Imperfect Conscience In Dostoevsky's Crime And Punishment

566 words - 2 pages

Crime and Punishment:  Imperfect Conscience              

A highly educated individual, avoiding the hardships of society while pondering the possibility of great wealth, Raskolnikov, in Fyodor Dostoevsky's "Crime and Punishment," frustrated with his immoral actions, suffers from an abrupt physical and mental breakdown after brutally mutilating a wicked pawnbroker. After this soul-scarring incident, the initial feelings of success in completing his mission quickly changes once he realizes possible flaws in his, otherwise considered, perfect murder. Raskolnikov's imperfect conscience finally comes to an emotional awakening once his saint, Sonya, an unintelligent prostitute, brings him the love, sensitivity, and inner serenity to help him confess to the murder he so coldly commits.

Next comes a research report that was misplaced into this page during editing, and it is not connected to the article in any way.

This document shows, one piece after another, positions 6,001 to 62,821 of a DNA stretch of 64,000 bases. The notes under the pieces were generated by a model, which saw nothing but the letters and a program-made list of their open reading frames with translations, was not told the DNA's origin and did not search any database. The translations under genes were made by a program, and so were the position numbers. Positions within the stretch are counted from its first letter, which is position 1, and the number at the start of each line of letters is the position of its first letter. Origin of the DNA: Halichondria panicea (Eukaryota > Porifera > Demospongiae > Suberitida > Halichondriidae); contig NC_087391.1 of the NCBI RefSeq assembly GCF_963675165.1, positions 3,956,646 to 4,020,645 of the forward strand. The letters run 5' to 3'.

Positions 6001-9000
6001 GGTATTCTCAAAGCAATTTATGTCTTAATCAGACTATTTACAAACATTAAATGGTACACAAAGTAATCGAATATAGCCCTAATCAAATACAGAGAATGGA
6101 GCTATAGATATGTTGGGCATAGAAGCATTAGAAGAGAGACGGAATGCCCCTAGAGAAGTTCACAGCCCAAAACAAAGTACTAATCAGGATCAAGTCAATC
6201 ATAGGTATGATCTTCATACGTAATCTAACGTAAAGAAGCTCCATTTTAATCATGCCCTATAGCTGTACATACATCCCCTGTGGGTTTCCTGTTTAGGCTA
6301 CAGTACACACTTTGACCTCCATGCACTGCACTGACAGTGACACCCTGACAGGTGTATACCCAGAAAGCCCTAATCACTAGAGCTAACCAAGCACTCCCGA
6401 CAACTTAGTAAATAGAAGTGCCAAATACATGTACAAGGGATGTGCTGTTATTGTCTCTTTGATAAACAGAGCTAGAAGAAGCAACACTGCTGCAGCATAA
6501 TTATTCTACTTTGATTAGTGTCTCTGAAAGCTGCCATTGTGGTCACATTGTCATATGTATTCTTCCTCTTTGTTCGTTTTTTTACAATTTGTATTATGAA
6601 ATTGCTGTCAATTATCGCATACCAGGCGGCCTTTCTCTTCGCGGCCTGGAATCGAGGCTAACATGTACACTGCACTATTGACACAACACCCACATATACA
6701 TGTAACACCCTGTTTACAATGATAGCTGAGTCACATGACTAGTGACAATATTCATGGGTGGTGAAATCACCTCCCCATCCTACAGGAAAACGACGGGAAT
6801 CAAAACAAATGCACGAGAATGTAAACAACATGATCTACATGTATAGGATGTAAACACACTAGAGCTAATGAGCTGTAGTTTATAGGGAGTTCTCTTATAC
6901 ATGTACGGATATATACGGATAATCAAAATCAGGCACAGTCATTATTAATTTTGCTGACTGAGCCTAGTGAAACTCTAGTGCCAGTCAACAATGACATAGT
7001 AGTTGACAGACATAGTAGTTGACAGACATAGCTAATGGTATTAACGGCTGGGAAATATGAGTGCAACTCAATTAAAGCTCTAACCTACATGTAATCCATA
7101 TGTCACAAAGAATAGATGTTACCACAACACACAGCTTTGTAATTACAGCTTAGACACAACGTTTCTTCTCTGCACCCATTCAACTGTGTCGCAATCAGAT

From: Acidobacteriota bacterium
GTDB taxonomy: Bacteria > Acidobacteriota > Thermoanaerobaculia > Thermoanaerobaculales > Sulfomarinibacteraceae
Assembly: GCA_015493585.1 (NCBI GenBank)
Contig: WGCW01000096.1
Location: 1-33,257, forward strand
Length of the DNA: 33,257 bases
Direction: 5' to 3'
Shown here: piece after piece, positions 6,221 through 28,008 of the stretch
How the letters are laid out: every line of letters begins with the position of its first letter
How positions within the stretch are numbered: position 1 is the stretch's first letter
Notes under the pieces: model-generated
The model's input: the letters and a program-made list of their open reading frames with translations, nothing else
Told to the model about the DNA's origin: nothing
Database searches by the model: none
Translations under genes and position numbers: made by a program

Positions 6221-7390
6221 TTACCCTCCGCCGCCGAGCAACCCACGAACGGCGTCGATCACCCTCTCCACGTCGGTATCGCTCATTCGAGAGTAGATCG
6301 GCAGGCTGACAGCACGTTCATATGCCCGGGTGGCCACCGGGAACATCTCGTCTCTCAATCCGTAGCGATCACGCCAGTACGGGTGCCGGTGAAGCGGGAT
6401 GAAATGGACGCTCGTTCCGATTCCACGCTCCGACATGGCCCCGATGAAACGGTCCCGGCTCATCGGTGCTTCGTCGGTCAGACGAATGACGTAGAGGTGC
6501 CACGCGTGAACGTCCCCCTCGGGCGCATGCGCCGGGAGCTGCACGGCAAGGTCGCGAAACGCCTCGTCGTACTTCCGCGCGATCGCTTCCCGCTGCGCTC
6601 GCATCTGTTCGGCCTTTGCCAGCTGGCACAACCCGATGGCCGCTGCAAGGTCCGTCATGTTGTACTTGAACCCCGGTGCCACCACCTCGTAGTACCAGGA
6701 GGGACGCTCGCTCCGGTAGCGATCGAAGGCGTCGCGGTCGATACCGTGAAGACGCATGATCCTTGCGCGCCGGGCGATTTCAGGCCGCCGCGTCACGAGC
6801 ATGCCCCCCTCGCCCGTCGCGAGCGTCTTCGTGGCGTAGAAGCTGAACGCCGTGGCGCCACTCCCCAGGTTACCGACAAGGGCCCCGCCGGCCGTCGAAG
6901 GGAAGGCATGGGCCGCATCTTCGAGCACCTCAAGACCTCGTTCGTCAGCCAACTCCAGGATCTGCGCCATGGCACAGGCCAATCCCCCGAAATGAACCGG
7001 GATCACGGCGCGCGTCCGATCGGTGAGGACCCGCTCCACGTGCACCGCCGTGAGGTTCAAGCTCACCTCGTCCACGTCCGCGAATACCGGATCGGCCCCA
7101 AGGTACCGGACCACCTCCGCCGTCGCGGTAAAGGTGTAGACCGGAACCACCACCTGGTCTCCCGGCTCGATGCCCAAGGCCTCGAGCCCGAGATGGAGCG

After ruminating on the pessimistic consequences of this crude and selfish murder, a change in conscience comes over Raskolnikov. Once he understands the reality of the matter does he actually suffer a breakdown. Though he commits a very serious crime, Raskolnikov still refuses to believe its contingency. Referring to his theory on man, in which the extraordinary man is "allowed" to break the law, he should be permitted to break the law without question, since he connects with the mentality possessed by the extraordinary man. Sonya's ethereal persona helps prove to Raskolnikov that he doesn't fully qualify for the part of the extraordinary man. That small fragment in him consisting of all the goodness purity, love and forgiveness associated with Sonya still shines through to her. He realized the pain and suffering he must go through, but cannot allow the law to overpower his intelligence. Not accepting Sonya's subservience, a mutual agreement between his mind and body leave him stranded on the desolate island of...

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